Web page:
After the death of the Grand Master Alonso de Cárdenas in 1493, the Catholic Monarchs incorporated the Order into the Spanish Crown. Pope Adrian VI forever united the office of grandmaster of Santiago to the crown in 1523.

The First Republic suppressed the Order in 1873 and, although it was re-established in the Restoration, it was reduced to a nobiliary institute of honorable character. It was ruled by a Superior Council dependent on the Ministry of War, which was also extinguished after the proclamation of the Second Republic in 1931.

The Order of Santiago is one of the four Spanish military orders, together with those of Calatrava, Alcántara, and Montesa. It was restored as a civil association with the kingship of Juan Carlos I with the character of a nobiliary, honorable, and religious organization that remains as such.

St. James’s Cross

The Order’s insignia is a red cross resembling a sword, with the shape of a fleur-de-lis on the hilt and the arms.
The knights wore the cross stamped on the royal standard and white cape. The cross of the royal standard had a Mediterranean scallop in the center and another one at the end of each arm.

The three fleurs-de-lis represent the “honor without stain”, which is in reference to the moral features of the Apostle’s character.

The sword represents the chivalrous character of the apostle St. James and his martyr ways, since he was decapitated with a sword. It can also symbolize taking the sword in the name of Christ, in a certain sense.

It is said that its shape originated in the era of the Crusades, when the knights took with them small crosses with sharpened bottoms to stick them in the ground and carry out their daily devotions.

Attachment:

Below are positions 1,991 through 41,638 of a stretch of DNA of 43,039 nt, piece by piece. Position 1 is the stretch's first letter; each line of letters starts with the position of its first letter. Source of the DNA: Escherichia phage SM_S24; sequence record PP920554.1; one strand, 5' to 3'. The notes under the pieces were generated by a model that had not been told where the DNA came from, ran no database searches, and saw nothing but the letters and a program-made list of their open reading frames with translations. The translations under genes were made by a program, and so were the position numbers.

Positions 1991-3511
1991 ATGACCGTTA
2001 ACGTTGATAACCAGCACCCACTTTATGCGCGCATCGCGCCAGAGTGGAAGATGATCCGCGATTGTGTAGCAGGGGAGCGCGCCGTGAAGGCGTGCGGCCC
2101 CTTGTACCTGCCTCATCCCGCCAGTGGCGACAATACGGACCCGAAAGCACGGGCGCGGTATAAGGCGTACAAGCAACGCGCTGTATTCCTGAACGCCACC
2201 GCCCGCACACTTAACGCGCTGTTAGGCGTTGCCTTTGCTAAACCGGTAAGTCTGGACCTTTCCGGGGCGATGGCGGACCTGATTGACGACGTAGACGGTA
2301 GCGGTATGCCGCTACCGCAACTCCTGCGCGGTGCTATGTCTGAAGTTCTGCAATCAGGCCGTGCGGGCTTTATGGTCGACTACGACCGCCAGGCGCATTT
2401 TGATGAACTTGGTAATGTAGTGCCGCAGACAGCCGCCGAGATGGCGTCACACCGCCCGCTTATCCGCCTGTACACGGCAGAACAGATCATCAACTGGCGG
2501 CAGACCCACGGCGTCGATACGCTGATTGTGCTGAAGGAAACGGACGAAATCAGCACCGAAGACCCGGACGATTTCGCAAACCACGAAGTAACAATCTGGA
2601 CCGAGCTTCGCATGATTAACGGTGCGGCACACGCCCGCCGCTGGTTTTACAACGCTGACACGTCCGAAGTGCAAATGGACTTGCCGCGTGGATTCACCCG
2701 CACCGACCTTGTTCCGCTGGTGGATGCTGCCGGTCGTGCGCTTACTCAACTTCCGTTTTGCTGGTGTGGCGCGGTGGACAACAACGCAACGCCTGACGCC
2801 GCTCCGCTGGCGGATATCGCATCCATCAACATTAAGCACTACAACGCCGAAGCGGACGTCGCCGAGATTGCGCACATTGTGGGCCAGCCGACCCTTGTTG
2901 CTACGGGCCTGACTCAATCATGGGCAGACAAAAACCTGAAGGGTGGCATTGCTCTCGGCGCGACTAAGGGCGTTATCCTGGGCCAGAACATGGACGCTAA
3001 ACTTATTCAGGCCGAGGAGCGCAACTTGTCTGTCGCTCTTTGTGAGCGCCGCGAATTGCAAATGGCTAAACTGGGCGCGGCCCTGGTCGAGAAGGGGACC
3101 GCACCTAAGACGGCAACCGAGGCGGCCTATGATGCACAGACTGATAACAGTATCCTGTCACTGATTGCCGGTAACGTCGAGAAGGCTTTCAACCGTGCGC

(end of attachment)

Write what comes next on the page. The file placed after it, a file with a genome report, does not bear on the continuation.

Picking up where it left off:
Internal organization

Prerequisites for entrance into the Order

In its beginnings, entrance into the Order was not difficult, but after mid-thirteenth century it became more complicated.

Once the Reconquest was finalized, a candidate who wished to join the Order of Santiago must have proved in his first four last names that he, his parents, and his grandparents were of noble descent by blood and not by privilege, and had never worked in manual or industrial labor.

Many classes of people were permanently disqualified from membership of the order due to their origins or circumstances. They included the following categories and their descendants: Jews, Muslims, heretics, converts to Christianity, or a mixture of these, no matter how far removed. Also included were people who had been punished for acts against the Catholic faith; had been an attorney, moneylender, notary public, retail merchant, or had worked where they lived or would have lived from their trade; had been dishonored, had neglected the laws of honor and executed any act not proper for a perfect gentleman, or who lacked means of support. The prospective member then had to live three months in the galleys and reside for a month in the monastery to learn the Rule.

Later the King and the Council of the Orders abolished many of these prerequisites.

Present day

The Order of Santiago still exists under the protection of the Spanish crown. As of 2014, there were 35 knights and 30 novices in the order. Admission to the order is open to applicants of noble blood. Until 1653, nobility was checked by looking at only the paternal grandparents’ family history. Changes were made so that maternal grandparents are included in verifying noble ancestry. The applicant must be a practicing Catholic, be of legitimate birth through both parents and grandparents, not be descended from non-Christians,[5] and prove at least 200 years of confirmed nobility of birth (not of privilege) from each of their four grandparents by legitimate marriage. Duties added in 1655 included defence of the belief in the Immaculate Conception of Mary.[6]

Their symbol is a cross of Saint James, a red cross terminating in a sword (cross fleury fitchy in heraldry), which recalls their title de la Espada, and a shell (la venera), to which they owe their connection with the pilgrimage of St. James.